any act of pursuit, torment, or annoyance which (i) has the potential to injure a marine mammal or marine mammal stock in the wild [Level A harassment]; or (ii) has the potential to disturb a marine mammal or marine mammal stock in the wild by causing disruption of behavioral patterns, including, but not limited to, migration, breathing, nursing, breeding, feeding, or sheltering [Level B harassment].

Section 101(a)(5)(D) establishes a 45-day time limit for NMFS review of an application followed by a 30-day public notice and comment period on any proposed authorizations for the incidental harassment of small numbers of marine mammals. Within 45 days of the close of the comment period, NMFS must either issue or deny issuance of the authorization.

Summary of Request

On March 30, 2006, URS Corporation (URS) on behalf of Fugro submitted an application to NMFS requesting an IHA for the possible harassment of small numbers of California sea lions Start Printed Page 57477(Zalophus californianus), Pacific harbor seals (Phoca vitulina richardsi), harbor porpoises (Phocoena phocoena), and gray whales (Eschrichtius robustus) incidental to conducting geophysical surveys in south SFB, California. The purpose of the surveys is to aid the San Francisco Public Utility Commission (SFPUC) in the design of an underground water pipeline, the Bay Division Tunnel, in south SFB.

Description of the Activity

The seismic study will span from Newark Slough and Plummer Creek adjacent to the Cargill Salt property in the east, to the Ravenswood Baylands open space on the western shore of SFB. The study will roughly parallel the existing SFPUC trans-bay pipelines, approximately 1 mile south of the Dumbarton Bridge. Marine seismic surveys will take approximately 8-10 days to perform. In the Newark Slough and Plummer Creek areas, work will be restricted to the non-pupping seasons of the harbor seal (July 1-November 30).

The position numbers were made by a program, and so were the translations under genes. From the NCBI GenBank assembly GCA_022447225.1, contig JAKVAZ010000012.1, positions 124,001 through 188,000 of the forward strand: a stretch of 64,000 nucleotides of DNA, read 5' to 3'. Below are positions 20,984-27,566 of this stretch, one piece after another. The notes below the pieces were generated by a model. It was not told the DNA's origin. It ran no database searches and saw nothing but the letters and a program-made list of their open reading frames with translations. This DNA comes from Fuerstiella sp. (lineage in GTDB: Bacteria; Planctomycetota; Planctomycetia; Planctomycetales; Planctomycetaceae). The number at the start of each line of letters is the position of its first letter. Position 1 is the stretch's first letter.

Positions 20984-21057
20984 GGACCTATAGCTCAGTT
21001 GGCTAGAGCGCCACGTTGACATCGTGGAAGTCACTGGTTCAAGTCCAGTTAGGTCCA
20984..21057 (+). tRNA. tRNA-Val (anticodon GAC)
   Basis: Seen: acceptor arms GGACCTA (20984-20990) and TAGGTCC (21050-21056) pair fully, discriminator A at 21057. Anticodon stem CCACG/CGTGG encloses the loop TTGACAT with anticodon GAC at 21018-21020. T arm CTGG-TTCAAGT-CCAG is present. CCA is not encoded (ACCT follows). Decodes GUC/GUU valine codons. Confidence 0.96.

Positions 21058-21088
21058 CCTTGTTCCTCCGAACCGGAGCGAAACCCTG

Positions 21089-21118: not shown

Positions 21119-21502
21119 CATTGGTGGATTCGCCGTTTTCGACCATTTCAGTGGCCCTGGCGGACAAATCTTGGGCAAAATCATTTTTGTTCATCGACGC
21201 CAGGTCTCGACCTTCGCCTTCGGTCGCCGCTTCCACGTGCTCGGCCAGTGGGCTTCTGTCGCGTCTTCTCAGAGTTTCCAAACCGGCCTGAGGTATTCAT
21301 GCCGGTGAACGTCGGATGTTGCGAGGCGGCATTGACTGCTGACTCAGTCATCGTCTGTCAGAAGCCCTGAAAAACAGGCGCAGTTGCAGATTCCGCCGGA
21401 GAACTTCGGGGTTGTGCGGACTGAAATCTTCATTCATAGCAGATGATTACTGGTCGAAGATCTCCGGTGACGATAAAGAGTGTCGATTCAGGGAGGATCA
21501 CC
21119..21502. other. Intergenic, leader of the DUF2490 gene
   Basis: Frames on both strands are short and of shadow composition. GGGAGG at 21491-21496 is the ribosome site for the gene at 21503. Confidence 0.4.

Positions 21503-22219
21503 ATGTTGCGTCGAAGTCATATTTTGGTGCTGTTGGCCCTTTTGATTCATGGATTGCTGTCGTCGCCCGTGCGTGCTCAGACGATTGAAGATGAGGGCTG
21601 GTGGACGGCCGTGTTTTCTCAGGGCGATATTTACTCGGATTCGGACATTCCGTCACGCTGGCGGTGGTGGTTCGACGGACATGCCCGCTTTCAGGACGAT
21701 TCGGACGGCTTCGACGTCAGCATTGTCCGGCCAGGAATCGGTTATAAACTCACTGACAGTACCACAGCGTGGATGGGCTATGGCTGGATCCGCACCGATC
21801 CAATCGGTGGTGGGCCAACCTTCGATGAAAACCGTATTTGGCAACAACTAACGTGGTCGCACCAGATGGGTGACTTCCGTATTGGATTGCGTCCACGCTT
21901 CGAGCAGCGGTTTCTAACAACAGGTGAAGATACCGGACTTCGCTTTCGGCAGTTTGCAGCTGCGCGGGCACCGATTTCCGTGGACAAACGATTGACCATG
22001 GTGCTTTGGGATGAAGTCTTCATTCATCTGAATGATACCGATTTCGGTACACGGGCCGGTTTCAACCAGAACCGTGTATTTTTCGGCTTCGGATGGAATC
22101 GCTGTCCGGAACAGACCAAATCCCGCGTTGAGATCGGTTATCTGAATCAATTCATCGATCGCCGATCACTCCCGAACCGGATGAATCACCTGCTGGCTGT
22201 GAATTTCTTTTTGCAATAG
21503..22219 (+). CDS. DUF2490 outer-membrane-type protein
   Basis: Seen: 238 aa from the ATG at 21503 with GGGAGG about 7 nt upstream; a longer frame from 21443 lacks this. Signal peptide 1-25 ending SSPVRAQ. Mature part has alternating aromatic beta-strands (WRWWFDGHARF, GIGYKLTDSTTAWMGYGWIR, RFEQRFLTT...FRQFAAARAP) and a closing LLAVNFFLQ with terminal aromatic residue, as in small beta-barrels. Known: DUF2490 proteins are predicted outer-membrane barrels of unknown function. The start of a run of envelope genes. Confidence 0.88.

The geophysical (seismic) studies will include 21 seismic sample transects. A total of 25 - 35 linear miles (40 - 56 km) of marine-based geophysical sampling will occur. The marine seismic reflection data will be collected along a series of lines that cross the Bay centered over the projected alignment. A centerline and four wing lines are planned. Cross lines, or tie lines, will be run perpendicular to the centerline and extend 200 - 500 m (656 - 1,640 ft) beyond the alignment parallel lines, unless restricted by water depth or man-made obstructions. Water depths in the survey area range from roughly 14 m (45 ft) in the deeper mid-Bay channel to about 1.8 - 2.4 m (6 - 8 ft) along the shore and in Newark Slough at high tide. Work will be conducted at high tide in the shallow nearshore areas.

Data will be collected from a small boat that tows a seismic energy source and a multichannel hydrophone. Two energy sources will be used, a Squid “minisparker” system and a Geopulse “boomer” system. An onboard generator powers the energy sources. The hydrophone contains multiple sensors that detect the seismic waves reflected from the water bottom and subsea floor sediments and rocks. The hydrophone is filled with inert silicon oil.